Financial bonds are currently on track to generate their highest annual returns ever, and this robust appreciation has motivated market participants ranging from Pacific Investment Management Co. (Pimco) to DoubleLine Capital LP to predict that the four-year rally will soon come to an end.
Index data provided by Bank of America Merrill Lynch indicates that debt-based financial instruments issued by major financial services firms JPMorgan Chase & Co. to HSBC Holdings Plc. are currently on track to reach an annual return of 15.4 percent, according to Bloomberg.
If these bonds perform this effectively, they will surpass the robust return of 15.2 percent that bonds generated in 2009, the media outlet reports. The aforementioned financial bonds are currently outperforming industrial notes by 4.3 percent in 2012, which is the largest spread between the two groups of assets on record.
Global Economic Threats
Although these bonds are generating substantial returns this year, speculation has been mounting that yields have been reduced to a point where investors might be prohibited from buying the debt-based instrument, considering the risks that are currently present in the global economy, according to the news source.
Any deterioration in the euro zone fiscal crisis could aggravate the existing interconnected nature of the global banking system. Pimco is currently in the process of selling some of its financial bonds, after speculating 15 months ago that these debt-based instruments could appreciate further.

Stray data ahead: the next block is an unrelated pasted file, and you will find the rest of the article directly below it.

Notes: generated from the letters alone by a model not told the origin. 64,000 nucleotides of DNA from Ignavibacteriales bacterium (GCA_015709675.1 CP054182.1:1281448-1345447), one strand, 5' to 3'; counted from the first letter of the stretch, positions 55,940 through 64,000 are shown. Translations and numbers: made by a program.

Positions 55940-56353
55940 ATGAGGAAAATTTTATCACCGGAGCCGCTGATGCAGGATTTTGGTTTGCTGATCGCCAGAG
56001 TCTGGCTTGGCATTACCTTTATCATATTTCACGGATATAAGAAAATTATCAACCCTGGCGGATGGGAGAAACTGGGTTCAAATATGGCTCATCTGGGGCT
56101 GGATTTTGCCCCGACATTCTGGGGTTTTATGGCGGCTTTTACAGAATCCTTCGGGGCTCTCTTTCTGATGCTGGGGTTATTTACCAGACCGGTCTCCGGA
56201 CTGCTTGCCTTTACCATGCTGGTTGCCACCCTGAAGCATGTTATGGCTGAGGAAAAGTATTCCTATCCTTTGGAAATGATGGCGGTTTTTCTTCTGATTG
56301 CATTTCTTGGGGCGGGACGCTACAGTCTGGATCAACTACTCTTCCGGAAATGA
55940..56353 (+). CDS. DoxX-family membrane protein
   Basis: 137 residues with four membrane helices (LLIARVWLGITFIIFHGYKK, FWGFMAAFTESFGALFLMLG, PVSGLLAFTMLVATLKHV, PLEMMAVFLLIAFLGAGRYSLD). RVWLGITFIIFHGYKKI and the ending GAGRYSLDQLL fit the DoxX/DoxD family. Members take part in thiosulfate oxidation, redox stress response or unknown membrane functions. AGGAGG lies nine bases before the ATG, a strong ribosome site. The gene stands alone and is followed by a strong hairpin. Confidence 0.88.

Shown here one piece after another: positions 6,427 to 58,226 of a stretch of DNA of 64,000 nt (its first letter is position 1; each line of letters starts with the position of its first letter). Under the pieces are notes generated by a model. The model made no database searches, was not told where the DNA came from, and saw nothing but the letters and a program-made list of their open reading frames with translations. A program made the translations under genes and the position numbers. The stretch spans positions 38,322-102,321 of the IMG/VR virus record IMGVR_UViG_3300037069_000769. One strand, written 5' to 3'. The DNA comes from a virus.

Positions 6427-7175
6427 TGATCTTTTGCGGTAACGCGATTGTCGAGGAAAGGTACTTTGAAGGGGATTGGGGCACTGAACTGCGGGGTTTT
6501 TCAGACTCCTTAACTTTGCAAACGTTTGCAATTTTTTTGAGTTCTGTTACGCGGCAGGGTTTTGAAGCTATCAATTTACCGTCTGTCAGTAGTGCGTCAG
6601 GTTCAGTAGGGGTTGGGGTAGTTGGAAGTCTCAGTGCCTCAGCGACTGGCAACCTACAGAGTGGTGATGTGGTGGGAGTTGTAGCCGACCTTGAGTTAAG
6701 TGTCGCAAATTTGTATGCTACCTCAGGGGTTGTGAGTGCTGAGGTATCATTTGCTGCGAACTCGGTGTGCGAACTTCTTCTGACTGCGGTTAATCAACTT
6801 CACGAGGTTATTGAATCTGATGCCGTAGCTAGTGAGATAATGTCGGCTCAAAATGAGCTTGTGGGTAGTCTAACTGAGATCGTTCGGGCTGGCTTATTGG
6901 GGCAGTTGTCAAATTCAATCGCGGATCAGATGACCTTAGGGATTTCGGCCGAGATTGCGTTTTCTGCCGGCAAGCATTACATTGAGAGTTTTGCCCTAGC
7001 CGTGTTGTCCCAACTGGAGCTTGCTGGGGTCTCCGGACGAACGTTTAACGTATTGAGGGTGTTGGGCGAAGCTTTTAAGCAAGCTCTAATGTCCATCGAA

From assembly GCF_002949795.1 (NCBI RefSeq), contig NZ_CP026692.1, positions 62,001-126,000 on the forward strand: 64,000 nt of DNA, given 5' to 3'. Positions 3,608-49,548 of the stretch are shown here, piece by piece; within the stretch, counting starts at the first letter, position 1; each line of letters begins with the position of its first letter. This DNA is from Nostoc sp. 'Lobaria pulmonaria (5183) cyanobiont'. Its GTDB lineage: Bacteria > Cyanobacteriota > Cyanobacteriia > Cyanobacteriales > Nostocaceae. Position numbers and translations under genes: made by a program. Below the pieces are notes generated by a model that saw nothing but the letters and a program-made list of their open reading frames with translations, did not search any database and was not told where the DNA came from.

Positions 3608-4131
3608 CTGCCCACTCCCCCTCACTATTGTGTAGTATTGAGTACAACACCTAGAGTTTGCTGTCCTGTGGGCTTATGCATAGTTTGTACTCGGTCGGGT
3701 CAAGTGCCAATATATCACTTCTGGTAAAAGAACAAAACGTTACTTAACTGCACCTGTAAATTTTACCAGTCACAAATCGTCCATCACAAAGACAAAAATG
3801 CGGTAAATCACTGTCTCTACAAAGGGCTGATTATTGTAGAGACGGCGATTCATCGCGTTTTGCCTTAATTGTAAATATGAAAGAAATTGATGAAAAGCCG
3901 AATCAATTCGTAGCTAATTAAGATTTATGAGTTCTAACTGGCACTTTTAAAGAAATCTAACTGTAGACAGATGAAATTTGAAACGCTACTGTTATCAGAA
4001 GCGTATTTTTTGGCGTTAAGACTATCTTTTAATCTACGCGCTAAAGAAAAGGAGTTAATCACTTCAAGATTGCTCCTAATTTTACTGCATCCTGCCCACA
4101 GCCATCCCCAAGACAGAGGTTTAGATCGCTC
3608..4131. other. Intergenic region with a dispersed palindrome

The International Monetary Fund recently lowered its economic growth predictions for emerging markets, predicting that they will expand at an average rate of 5.8 percent during the five-year period through 2016. This figure is almost 2 percent lower than the rate of growth they had during the five years before the 2009 global economic downturn.
Bond Market Future
"It’s difficult to see the catalyst for further tightening in bank spreads," Bonnie Baha, head of global developed credit at Los Angeles-based DoubleLine, which has more than $45 billion under management, told the news source. "They’ve had a terrific run this year."
While the bonds issued by major financial services firms have experienced robust appreciation so far in 2012, Pimco founder Bill gross has predicted that the economy will produce many years of low bond returns, estimating that the debt-based instruments will return an average of between 2 and 3 percent annually.